- Lobelia cardinalis - Cardinal flower
- Lonicera ciliosa - Orange Honeysuckle
- Lonicera sp. - Honeysuckle
- Mahonia sp. - Oregon Grape
- Mimulus cardinalis - Red Monkeyflower
- Monarda didyma - Bee balm
- Oemleria [Osmaronia] cerasiformis - Indian Plum
- Pelargonium species - Geranium
- Penstemon sp. - Penstemon
- Phaseolus coccineus - Scarlet Runner Bean
- Rhododendron occidentale - Wild Azalea
- Rhododendron sp - Azalea
- Ribes divaricatum - Wild Gooseberry
- Ribes sanguineum - Red-flowering Currant
- Rubus parviflorus - Thimbleberry
- Rubus spectabilis - Salmonberry
- Salvia elegans - Pineapple sage
- Salvia officinalis - Sage
- Salvia splendens - Scarlet sage
- Sambucus - Elderberry
- Sidalcea sp. - Checkermallow
- Solidago canadensis - Goldenrod
- Sorbus sitchensis - Sitka Mountain-ash
- Spiraea sp. - Spirea species
- Symphoricarpos albus - Snowberry
- Syringa sp. - Lilac
- Trichostema lanatum - Woolly blue curls
- Tropaeolum majus - Nasturtium
- Vaccinium ovatum - Evergreen Huckleberry
- Weigela rosea - Weigela
- Zauschneria californica - California Fuchsia
According to Attracting and Feeding Hummingbirds, the Trumpet Creeper (Campsis radicans) produces the highest volume of nectar per blossom. If you have a Trumpet Creeper, make sure to trim the vines of back each fall in order to create a short plant with many blooms.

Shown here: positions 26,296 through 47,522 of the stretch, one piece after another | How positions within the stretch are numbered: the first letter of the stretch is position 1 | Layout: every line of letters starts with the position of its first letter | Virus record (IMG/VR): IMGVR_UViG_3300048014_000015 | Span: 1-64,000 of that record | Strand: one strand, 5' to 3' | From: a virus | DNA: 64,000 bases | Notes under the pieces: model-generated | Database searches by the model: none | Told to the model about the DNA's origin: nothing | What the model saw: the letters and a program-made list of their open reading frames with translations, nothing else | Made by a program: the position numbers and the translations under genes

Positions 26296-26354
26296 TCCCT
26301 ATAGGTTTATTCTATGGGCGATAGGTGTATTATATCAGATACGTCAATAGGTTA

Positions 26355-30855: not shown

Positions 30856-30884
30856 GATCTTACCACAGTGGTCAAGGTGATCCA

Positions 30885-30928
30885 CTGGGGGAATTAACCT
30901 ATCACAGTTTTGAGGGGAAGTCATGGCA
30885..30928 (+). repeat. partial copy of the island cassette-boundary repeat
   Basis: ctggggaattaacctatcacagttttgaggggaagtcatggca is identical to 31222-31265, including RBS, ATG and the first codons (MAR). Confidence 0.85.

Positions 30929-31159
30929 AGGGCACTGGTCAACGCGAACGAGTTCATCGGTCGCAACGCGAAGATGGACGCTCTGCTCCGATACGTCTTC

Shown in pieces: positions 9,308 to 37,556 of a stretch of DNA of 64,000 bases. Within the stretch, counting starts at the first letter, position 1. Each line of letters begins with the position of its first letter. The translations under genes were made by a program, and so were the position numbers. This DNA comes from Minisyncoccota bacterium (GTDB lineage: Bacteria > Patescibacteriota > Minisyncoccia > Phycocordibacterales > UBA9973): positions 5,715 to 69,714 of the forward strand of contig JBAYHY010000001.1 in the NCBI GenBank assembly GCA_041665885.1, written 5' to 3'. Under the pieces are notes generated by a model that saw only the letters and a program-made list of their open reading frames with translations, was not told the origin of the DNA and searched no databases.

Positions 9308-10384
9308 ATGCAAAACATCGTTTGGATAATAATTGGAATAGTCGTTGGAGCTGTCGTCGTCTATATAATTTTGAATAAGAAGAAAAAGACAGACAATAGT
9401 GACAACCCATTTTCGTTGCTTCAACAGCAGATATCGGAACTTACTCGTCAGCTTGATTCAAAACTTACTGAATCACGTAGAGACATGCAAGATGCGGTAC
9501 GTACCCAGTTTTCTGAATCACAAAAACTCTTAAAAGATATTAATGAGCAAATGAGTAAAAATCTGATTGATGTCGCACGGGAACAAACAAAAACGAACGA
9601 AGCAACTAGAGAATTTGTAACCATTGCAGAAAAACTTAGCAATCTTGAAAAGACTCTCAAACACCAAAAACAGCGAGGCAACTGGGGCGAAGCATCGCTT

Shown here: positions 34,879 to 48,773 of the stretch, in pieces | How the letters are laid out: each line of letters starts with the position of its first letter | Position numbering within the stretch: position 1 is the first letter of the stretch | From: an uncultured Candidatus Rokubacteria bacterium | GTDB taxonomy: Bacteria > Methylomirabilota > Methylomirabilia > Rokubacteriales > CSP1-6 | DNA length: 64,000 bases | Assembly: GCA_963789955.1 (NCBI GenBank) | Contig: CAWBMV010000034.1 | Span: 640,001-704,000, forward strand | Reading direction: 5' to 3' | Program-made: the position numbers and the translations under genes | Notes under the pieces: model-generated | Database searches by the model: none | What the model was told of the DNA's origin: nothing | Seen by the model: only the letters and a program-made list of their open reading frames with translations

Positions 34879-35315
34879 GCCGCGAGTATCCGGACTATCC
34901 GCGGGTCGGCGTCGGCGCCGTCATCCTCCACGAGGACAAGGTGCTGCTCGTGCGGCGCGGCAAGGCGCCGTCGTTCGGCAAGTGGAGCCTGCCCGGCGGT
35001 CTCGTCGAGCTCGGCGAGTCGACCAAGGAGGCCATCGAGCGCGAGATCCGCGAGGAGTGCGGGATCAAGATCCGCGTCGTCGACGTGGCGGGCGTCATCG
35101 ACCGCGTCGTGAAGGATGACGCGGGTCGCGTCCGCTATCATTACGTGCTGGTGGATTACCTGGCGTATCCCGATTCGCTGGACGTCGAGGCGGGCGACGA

Native Plant Nurseries & Societies in the Pacific Northwest
Some of our favorite native plant nurseries and societies are Northwest Plants located in Salem, Oregon. You can pickup the plants or have them delivered. This web site is packed with an incredible amount of information on native plants.
Another favorite is Rainy Side Gardeners because it has a gallery and growing guide on native plants called Native Plants of the Maritime Pacific Northwest. They also have a page on how to pronounce botanical names.
The Washington Native Plant Society's Pacific Northwest Native Plants For Western Washington Gardens is a favorite because it includes pictures, growing conditions and comments.
To complete a hummingbird habitat, provide a source of water. Hummingbirds love to take baths and showers. They need very, very shallow areas to bathe. They also love flying through sprinklers and misters. We've watched them rolling in the grass under a mister and sitting on fences taking a rain shower. They are one of the cleanest birds. Even the babies expel their feces outside the nest. Read more about providing water for your wildlife habitat.
We feel it is important to have home-made nectar especially since blossoms don't produce enough nectar during inclement weather. We have 12 feeders placed throughout the property during spring migration and after the first hatch. When the hummer activity slows down, we reduce the number of feeders to 9 in late summer and early fall. After the Rufous hummingbirds leave in late fall, we keep 3 feeders going for our winter Anna's hummingbirds.
Despite their small size, hummingbirds are hardy. They can survive sub-freezing temperatures, and even blizzards, by going into torpor-a sleeplike state that saves energy. When not in torpor, however, hummingbirds use energy quickly. Its heart beat is more than 10 times per second. By providing food, you may help a hummingbird survive at a time of year when insects and nectar are difficult to find.